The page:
Ask Amy: I found out my daughter’s father is not who I thought he was
, 2022-06-19 23:52:59,
I’m mostly concerned about this because she knows that the man I married (her non-DNA dad, who I later divorced) is an alcoholic. His mother and two aunts each died of genetic cancers.
If she learns about her DNA, my daughter will no longer believe she carries those potentially life-ending traits, but I still wonder if she should be told.
I certainly don’t want to tell my ex-husband — and won’t.
— Mama’s Baby, Daddy’s Maybe
Mama: Yes, you should tell your daughter.
If you can’t justify telling her the truth about her genetic history simply because it is the truth (and medically important to her), consider this: She’s going to find out, anyway.
The ubiquity of DNA testing is quickly blowing the lid off family secrets, and the speed of this huge and sweeping change also gives you an out.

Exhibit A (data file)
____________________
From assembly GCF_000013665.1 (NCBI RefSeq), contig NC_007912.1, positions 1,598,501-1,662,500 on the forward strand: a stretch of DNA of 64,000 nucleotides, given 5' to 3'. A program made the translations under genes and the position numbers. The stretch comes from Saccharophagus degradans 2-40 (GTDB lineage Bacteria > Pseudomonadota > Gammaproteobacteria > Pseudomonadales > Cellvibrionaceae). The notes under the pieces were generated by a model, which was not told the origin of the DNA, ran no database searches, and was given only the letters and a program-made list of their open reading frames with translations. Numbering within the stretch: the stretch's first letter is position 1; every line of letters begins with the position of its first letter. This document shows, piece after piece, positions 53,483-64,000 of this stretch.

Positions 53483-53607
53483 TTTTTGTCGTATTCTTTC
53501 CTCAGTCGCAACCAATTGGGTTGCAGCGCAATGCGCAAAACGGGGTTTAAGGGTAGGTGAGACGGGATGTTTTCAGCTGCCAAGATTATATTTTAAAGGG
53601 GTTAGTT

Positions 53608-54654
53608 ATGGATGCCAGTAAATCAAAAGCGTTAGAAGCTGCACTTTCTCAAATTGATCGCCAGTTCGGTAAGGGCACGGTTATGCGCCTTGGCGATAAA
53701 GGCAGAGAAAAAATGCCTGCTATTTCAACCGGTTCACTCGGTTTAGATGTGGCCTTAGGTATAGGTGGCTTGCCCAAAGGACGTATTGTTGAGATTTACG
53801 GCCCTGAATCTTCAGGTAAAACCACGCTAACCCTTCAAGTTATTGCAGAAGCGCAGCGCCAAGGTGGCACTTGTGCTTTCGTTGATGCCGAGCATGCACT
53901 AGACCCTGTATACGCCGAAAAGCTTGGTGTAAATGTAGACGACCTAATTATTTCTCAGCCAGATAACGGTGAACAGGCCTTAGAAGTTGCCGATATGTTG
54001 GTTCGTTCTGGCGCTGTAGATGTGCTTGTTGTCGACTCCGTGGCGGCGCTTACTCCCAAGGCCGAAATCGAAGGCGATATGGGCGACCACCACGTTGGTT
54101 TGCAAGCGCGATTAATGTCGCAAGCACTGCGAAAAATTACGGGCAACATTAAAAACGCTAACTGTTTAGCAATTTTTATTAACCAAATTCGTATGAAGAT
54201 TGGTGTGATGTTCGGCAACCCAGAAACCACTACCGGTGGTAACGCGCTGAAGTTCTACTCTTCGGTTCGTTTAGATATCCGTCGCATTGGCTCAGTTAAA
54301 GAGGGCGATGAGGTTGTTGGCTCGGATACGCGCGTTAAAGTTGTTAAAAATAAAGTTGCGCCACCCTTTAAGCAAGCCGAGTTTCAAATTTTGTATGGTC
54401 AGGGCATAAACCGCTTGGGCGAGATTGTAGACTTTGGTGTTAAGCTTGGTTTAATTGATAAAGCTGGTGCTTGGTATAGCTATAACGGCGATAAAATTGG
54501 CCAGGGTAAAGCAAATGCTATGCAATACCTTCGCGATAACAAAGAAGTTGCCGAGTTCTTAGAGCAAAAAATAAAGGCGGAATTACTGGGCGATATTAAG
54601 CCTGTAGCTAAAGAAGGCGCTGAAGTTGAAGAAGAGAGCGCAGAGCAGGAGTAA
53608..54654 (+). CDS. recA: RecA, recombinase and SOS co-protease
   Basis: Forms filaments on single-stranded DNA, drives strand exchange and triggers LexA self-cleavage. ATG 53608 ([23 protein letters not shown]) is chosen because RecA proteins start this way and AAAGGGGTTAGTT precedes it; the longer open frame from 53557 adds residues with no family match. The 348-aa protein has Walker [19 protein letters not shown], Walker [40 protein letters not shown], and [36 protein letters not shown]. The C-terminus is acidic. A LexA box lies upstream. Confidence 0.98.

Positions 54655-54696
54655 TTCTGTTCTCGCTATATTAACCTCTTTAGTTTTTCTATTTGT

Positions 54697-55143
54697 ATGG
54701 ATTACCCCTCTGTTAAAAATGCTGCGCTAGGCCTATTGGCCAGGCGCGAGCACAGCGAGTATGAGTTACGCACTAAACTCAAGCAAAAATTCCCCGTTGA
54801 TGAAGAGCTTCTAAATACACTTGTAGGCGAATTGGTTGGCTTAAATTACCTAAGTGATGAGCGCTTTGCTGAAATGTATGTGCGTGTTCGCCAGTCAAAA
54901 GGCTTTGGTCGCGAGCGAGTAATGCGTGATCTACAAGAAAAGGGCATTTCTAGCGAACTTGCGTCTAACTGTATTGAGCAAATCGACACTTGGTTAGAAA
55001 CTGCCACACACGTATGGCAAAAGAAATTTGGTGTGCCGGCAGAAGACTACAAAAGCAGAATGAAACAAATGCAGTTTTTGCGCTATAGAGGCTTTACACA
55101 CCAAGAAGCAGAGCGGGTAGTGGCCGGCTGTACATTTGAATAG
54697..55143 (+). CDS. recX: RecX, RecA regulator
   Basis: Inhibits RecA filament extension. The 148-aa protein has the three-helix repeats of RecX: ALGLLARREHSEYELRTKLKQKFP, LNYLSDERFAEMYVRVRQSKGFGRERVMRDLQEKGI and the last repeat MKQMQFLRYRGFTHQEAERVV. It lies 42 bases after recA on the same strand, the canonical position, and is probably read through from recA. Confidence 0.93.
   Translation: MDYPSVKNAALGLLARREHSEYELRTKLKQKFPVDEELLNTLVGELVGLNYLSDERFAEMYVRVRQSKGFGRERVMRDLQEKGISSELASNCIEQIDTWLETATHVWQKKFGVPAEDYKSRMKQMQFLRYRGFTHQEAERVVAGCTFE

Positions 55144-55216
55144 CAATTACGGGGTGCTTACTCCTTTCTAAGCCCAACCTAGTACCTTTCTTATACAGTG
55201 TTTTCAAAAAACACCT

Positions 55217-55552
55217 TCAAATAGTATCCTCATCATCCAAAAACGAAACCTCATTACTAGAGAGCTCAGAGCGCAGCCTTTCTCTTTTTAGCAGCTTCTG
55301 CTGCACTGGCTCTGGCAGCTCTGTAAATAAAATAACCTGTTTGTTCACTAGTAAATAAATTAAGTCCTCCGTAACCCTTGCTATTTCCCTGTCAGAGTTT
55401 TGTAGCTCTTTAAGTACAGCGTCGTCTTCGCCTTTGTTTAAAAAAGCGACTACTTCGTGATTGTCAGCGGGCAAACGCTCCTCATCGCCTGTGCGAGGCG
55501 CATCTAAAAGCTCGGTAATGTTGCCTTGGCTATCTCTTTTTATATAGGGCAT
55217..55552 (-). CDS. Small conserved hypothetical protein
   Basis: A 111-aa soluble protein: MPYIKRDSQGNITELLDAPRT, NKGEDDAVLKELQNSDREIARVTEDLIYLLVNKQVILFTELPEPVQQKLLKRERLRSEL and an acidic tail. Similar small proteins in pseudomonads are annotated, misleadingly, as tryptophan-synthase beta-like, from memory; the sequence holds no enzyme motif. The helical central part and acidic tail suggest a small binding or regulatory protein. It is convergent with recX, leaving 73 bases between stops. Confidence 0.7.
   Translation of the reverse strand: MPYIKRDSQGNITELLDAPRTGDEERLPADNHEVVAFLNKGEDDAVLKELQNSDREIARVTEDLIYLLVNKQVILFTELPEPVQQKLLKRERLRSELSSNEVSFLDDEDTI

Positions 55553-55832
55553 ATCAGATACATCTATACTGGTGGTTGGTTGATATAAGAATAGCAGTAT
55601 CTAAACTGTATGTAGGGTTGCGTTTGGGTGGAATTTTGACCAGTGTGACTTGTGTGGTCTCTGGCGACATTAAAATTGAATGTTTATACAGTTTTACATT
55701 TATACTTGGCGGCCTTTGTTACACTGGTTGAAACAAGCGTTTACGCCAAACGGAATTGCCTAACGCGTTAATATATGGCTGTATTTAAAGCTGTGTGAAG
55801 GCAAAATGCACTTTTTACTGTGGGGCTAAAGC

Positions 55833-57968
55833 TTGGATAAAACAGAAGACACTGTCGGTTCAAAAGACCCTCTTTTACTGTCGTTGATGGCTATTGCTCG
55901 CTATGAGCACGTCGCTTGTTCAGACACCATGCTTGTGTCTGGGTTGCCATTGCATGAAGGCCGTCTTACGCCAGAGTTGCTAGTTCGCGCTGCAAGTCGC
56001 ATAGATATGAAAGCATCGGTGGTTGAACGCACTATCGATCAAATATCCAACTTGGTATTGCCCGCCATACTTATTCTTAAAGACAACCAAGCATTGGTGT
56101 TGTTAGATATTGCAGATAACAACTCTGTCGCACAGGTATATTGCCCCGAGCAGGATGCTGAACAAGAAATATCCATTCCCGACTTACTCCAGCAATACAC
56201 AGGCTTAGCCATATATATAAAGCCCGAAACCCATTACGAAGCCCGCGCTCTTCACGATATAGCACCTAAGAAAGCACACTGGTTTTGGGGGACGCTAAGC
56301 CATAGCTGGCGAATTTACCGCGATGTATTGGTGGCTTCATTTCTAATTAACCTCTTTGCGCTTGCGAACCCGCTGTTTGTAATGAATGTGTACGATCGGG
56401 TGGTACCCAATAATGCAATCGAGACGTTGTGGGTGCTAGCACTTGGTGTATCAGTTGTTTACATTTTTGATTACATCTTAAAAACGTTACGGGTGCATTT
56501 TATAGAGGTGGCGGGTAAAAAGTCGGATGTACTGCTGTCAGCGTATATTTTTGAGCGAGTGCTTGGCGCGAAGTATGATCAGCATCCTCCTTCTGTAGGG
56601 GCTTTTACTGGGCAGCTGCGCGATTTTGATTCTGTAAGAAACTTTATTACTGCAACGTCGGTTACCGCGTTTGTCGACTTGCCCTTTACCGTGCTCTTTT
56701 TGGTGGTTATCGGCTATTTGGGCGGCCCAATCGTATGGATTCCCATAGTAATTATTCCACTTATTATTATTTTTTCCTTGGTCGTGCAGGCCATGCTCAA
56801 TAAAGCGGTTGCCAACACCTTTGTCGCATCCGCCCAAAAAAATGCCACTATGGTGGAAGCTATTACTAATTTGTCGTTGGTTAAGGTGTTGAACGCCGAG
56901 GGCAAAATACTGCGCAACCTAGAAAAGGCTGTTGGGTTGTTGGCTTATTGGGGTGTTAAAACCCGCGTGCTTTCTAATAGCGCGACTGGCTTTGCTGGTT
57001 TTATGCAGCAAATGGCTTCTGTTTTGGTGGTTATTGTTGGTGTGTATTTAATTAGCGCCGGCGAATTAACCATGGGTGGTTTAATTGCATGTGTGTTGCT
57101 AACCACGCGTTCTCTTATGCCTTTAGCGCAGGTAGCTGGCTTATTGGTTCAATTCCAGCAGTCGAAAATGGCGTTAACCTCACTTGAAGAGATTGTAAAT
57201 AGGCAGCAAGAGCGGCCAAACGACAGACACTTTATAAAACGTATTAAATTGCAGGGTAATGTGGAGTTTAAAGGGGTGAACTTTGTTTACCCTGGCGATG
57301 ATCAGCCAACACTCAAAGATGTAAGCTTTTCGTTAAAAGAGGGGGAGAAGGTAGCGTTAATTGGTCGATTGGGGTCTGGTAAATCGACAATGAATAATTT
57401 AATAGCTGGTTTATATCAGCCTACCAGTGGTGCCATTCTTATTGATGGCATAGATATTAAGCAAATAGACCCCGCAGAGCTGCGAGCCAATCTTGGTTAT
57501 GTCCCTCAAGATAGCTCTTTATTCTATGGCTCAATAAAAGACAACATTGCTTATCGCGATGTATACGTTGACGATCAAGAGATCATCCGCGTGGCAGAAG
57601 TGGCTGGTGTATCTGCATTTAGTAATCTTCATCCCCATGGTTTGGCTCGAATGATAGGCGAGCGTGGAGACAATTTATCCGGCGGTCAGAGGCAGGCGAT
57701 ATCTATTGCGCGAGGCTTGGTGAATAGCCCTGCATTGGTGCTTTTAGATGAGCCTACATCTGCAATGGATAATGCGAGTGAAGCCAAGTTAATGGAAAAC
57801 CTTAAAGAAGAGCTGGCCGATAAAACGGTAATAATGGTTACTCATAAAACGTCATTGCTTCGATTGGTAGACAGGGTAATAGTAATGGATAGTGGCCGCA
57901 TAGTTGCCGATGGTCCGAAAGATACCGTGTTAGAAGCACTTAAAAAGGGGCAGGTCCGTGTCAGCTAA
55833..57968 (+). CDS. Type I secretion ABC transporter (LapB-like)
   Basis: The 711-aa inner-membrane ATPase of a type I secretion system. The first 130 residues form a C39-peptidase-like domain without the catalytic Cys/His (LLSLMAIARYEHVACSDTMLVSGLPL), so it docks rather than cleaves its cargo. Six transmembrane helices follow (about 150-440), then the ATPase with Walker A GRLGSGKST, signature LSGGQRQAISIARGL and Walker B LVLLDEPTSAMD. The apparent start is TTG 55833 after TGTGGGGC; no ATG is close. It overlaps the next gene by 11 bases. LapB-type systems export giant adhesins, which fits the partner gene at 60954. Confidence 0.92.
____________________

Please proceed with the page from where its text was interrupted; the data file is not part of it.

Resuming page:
You don’t actually have to spend years sitting on this knowledge and wrestling with this dilemma. Because she’s going to find out, anyway. So tell her now.
People should know the truth about their DNA heritage, if at all possible. Sometimes the truth carries tremendous surprises or huge challenges. Oftentimes it answers deep-seated questions people have held but never expressed — about hair or eye color, posture, preferences and personality.
Your daughter might be truly shocked by this revelation.
She might blame or judge you for your long-ago one-night-stand. Given the genetic history you cite, she…
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